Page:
Medema, R. H., Kops, G. J., Bos, J. L. & Burgering, B. M. AFX-like Forkhead transcription factors mediate cell-cycle regulation by Ras and PKB through p27kip1. Nature 404, 782–787 (2000).

  27. 27

    Viola, A., Schroeder, S., Sakakibara, Y. & Lanzavecchia, A. T lymphocyte costimulation mediated by reorganization of membrane microdomains. Science 283, 680–682 (1999).

  28. 28

    Prevot, D. et al. Relationships of the antiproliferative proteins BTG1 and BTG2 with CAF1, the human homolog of a component of the yeast CCR4 transcriptional complex. J. Biol. Chem. 276, 9640–9648 (2001).

  29. 29

    Draper, M. P. & Denis, C. L. Identification of a mouse protein whose homolog in Saccharomyces cerevisiae is a component of the CCR4 transcripitonal regulatory complex. Mol. Cell. Biol. 15, 3487–3495 (1995).

  30. 30

    Yoshida, Y. et al. Negative regulation of BMP/Smad signaling by Tob in osteoblasts. Cell 103, 1085–1097 (2000).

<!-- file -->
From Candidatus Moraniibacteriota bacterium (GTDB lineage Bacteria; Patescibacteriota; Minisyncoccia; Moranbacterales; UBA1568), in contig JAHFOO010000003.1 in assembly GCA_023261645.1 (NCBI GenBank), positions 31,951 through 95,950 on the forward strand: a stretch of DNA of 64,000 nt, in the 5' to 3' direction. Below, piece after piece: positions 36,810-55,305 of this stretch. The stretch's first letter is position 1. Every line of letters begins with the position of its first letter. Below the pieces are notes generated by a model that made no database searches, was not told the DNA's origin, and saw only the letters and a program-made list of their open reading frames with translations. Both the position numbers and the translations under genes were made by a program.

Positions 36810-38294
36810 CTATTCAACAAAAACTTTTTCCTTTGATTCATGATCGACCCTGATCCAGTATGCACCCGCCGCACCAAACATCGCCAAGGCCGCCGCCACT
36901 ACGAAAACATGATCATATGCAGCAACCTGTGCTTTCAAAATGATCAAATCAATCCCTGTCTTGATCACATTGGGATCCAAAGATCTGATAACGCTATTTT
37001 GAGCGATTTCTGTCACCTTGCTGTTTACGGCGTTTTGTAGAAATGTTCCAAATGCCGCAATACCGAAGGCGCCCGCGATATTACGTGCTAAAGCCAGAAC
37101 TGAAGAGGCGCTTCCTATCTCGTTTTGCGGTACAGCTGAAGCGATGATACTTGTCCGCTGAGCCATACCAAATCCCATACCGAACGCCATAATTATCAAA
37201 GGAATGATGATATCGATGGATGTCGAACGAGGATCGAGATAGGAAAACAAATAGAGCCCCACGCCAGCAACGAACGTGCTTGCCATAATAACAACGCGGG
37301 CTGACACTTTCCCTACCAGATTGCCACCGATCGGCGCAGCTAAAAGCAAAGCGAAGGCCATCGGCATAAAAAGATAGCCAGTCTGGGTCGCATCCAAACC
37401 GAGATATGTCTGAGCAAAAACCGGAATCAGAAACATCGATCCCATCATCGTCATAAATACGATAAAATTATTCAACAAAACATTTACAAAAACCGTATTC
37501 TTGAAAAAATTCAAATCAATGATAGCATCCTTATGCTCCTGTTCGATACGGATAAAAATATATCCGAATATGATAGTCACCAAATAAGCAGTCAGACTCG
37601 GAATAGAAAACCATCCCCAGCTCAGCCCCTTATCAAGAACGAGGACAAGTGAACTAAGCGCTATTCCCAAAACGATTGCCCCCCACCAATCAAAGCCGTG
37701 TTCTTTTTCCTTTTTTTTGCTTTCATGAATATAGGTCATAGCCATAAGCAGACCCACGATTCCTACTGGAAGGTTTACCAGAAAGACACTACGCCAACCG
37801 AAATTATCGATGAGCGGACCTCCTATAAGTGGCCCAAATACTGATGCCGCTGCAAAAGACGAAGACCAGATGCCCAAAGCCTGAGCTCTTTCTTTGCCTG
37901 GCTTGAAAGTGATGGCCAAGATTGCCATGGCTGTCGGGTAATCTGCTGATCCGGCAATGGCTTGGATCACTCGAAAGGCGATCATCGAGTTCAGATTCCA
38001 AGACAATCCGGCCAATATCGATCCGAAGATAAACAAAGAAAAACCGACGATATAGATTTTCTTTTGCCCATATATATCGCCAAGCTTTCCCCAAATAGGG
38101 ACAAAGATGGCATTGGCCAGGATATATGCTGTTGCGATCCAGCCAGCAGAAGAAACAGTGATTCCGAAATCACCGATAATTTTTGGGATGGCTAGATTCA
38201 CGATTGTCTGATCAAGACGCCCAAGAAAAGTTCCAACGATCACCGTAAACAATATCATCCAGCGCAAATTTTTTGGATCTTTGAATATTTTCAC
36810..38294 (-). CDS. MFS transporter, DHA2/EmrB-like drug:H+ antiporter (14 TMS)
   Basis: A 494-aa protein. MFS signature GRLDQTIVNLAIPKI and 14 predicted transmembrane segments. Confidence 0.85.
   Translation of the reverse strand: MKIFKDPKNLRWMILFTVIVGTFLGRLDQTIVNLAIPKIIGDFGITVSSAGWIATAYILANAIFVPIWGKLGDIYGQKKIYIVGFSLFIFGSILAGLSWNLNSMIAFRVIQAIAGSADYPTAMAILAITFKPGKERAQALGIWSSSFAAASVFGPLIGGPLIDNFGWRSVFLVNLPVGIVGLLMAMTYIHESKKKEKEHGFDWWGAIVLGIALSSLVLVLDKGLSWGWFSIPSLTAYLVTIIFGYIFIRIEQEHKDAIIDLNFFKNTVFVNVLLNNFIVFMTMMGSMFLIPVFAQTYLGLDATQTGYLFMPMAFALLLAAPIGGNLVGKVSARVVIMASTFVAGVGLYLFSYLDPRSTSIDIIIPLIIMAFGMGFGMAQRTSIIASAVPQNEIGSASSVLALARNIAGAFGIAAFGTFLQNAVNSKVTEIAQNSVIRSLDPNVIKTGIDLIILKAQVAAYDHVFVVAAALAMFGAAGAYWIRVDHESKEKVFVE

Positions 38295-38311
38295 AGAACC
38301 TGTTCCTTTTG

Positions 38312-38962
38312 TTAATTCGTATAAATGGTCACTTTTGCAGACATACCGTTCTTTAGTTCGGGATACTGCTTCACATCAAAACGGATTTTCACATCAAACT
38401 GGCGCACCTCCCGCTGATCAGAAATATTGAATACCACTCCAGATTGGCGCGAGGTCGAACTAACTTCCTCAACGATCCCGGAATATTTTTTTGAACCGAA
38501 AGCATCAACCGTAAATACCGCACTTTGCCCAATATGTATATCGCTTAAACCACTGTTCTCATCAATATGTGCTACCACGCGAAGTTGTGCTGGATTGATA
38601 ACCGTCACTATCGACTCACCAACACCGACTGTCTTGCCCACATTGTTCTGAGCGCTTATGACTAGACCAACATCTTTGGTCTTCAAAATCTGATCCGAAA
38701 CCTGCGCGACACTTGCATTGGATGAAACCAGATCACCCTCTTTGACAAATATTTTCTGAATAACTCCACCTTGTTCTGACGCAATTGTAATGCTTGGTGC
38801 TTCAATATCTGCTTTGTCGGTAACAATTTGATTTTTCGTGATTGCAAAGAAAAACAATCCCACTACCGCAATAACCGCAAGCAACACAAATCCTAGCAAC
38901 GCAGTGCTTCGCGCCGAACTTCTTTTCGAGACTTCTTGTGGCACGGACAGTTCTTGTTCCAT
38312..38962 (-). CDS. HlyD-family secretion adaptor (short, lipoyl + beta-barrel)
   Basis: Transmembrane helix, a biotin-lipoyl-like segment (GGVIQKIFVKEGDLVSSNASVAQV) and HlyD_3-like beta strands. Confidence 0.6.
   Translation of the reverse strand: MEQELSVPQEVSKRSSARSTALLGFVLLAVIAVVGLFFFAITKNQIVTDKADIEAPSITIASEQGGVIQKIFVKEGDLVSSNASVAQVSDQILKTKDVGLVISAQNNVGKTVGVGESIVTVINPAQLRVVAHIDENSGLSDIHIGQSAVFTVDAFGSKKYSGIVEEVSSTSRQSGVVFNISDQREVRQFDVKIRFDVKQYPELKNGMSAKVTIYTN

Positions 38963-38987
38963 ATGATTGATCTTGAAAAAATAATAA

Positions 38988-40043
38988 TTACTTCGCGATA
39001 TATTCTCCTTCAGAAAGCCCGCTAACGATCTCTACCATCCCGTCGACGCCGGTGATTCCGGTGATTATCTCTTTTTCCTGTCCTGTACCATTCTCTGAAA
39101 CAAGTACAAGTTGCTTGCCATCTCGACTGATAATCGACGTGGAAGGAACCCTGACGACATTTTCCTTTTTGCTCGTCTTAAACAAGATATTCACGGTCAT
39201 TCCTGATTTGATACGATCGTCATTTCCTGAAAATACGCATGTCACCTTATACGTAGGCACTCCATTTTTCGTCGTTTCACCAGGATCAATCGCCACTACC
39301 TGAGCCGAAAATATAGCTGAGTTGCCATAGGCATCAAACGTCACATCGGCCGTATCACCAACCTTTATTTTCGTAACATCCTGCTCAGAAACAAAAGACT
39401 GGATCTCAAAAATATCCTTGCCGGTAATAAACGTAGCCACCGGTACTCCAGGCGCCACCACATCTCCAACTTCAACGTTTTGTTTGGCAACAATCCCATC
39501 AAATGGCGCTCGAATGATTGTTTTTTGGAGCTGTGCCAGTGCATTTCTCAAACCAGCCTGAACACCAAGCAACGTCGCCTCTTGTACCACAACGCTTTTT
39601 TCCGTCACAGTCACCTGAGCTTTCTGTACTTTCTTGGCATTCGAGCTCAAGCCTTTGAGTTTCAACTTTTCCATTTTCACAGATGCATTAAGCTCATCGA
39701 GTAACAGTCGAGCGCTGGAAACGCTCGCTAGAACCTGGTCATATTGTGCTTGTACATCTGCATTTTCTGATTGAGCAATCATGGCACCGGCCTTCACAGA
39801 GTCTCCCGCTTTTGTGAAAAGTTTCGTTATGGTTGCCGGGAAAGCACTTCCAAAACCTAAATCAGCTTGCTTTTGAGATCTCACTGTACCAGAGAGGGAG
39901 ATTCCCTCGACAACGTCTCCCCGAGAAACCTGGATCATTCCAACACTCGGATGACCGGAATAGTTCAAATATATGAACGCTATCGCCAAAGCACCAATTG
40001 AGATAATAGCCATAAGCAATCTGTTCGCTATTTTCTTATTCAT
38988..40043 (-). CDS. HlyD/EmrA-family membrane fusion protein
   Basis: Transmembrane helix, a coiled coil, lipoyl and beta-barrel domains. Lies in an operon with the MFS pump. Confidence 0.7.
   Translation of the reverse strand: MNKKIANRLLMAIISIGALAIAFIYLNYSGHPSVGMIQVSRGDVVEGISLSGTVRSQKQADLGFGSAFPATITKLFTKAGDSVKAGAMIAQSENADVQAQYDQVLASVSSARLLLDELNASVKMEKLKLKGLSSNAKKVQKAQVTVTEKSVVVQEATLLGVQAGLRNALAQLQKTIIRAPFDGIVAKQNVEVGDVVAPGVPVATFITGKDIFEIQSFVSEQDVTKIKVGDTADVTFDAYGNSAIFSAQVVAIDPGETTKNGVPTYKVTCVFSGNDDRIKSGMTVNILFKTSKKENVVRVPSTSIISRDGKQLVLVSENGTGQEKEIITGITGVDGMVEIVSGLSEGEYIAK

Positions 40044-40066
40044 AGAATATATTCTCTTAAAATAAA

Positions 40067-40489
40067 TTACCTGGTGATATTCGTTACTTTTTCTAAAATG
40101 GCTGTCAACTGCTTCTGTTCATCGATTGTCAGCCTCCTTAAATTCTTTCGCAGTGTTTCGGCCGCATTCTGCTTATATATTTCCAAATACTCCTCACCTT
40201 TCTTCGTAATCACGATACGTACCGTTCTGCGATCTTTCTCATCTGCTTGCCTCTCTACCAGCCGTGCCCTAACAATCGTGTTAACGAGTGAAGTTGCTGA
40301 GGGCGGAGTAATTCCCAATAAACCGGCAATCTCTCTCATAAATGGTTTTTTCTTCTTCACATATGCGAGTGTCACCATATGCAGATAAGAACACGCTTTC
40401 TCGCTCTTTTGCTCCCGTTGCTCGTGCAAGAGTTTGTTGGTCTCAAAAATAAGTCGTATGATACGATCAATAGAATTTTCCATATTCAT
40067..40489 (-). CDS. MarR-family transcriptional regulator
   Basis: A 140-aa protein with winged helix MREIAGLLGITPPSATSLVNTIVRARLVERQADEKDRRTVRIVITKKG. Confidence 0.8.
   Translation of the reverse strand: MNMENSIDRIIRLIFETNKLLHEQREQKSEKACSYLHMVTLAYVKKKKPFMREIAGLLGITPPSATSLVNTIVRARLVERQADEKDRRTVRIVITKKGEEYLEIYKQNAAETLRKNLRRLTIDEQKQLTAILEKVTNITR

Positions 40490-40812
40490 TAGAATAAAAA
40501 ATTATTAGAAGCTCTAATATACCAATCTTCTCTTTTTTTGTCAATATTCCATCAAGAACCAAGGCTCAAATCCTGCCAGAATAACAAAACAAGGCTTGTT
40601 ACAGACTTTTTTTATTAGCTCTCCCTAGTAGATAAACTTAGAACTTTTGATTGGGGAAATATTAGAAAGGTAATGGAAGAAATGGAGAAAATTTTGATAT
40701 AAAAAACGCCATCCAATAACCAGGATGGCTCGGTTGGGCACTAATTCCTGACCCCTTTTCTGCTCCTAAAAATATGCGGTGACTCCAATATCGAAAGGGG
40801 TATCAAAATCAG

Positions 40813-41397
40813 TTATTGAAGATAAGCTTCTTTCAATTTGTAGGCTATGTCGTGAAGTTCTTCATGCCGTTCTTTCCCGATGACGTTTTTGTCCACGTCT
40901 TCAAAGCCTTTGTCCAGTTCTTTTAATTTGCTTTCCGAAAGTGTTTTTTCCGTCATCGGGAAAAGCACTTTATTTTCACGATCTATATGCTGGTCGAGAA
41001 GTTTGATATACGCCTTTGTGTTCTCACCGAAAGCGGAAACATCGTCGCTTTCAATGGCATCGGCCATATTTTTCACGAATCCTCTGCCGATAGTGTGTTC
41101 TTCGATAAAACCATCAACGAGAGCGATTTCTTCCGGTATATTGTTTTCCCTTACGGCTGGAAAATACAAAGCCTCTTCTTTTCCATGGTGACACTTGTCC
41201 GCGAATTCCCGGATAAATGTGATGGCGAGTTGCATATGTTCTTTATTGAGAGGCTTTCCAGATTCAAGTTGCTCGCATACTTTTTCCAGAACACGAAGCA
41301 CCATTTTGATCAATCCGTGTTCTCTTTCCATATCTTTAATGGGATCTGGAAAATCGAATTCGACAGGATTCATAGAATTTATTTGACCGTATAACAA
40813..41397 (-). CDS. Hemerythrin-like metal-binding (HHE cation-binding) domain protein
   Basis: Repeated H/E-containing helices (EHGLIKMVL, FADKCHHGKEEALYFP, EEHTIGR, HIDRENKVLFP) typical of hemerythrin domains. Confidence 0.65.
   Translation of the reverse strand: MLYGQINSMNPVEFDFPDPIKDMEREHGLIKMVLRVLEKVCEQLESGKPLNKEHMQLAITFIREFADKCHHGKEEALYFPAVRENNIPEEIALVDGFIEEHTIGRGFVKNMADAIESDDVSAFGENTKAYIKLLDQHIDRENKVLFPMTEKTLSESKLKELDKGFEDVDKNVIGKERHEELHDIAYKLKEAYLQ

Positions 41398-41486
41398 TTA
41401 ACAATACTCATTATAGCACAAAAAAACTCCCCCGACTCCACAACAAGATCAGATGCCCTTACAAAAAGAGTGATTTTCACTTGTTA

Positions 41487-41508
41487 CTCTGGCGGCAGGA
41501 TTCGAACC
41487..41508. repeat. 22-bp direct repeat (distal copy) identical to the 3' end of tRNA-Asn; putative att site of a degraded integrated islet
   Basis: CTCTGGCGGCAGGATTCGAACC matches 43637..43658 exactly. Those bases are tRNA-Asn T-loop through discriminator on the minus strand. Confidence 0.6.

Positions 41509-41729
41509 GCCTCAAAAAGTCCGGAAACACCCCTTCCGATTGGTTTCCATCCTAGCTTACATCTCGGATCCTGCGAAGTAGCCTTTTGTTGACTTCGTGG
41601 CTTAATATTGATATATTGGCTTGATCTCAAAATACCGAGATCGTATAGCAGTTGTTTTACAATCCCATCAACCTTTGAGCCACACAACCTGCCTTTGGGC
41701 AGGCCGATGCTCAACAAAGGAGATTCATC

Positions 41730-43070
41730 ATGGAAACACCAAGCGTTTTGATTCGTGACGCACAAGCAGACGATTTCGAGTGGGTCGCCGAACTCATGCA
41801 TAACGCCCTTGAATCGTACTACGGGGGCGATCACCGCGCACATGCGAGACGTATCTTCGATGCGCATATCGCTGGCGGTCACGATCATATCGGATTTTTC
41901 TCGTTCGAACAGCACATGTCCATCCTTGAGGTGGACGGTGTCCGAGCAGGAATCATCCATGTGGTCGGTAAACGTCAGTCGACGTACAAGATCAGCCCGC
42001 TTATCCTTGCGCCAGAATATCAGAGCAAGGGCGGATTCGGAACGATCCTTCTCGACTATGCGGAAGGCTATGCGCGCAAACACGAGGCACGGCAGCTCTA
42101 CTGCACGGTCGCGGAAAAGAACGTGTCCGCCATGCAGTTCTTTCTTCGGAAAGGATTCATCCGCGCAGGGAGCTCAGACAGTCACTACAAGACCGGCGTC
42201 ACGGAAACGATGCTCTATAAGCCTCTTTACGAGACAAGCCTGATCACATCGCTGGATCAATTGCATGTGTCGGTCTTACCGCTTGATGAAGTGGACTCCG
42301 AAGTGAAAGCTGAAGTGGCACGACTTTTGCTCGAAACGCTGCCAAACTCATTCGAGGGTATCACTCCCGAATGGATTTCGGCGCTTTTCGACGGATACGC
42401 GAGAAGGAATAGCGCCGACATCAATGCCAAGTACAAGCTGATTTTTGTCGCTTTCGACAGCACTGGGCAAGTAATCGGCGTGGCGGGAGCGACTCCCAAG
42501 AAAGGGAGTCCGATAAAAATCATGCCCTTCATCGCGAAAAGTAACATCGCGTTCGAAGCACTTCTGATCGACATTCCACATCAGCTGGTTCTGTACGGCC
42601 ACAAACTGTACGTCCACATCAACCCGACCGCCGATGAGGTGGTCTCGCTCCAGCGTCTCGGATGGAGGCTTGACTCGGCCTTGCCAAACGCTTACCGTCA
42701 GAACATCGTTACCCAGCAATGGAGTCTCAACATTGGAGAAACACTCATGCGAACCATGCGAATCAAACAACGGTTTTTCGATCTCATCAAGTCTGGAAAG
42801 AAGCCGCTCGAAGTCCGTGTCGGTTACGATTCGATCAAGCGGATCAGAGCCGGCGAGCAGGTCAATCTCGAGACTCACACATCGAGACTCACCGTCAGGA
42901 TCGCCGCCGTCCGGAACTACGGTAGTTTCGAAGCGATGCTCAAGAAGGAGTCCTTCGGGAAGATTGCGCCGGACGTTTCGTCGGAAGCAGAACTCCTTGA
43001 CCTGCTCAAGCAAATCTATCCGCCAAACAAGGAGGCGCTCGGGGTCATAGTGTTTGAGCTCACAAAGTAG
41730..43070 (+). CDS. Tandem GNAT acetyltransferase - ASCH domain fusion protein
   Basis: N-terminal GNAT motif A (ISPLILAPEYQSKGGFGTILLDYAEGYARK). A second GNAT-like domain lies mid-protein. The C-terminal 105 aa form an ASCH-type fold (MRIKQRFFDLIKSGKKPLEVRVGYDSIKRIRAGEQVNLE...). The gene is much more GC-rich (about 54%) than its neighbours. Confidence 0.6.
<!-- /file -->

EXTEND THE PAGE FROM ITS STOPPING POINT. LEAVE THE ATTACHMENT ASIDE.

31. 31

    Itoh, S., Itoh, F., Goumans, M.-J. & ten Dijke, P. Signaling of transforming growth factor-β family members through Smad proteins. Eur. J. Biochem. 267, 6954–6967 (2000).

  32. 32

    Shull, M. M. et al. Targeted disruption of the mouse transforming growth factor-β 1 gene results in multifocal inflamatory disease. Nature 359, 693–699 (1992).

  33. 33

    Gorelik, L. & Flavell, R. A. Abrogation of TGFβ signaling in T cells leads to spontaneous T cell differentiation and autoimmune disease. Immunity 12, 171–181 (2000).

  34. 34

    Yang, X. et al. Targeted disruption of SMAD3 results in impaired mucosal immunity and diminished T cell responsiveness to TGF-β. EMBO J. 18, 1280–1291 (1999).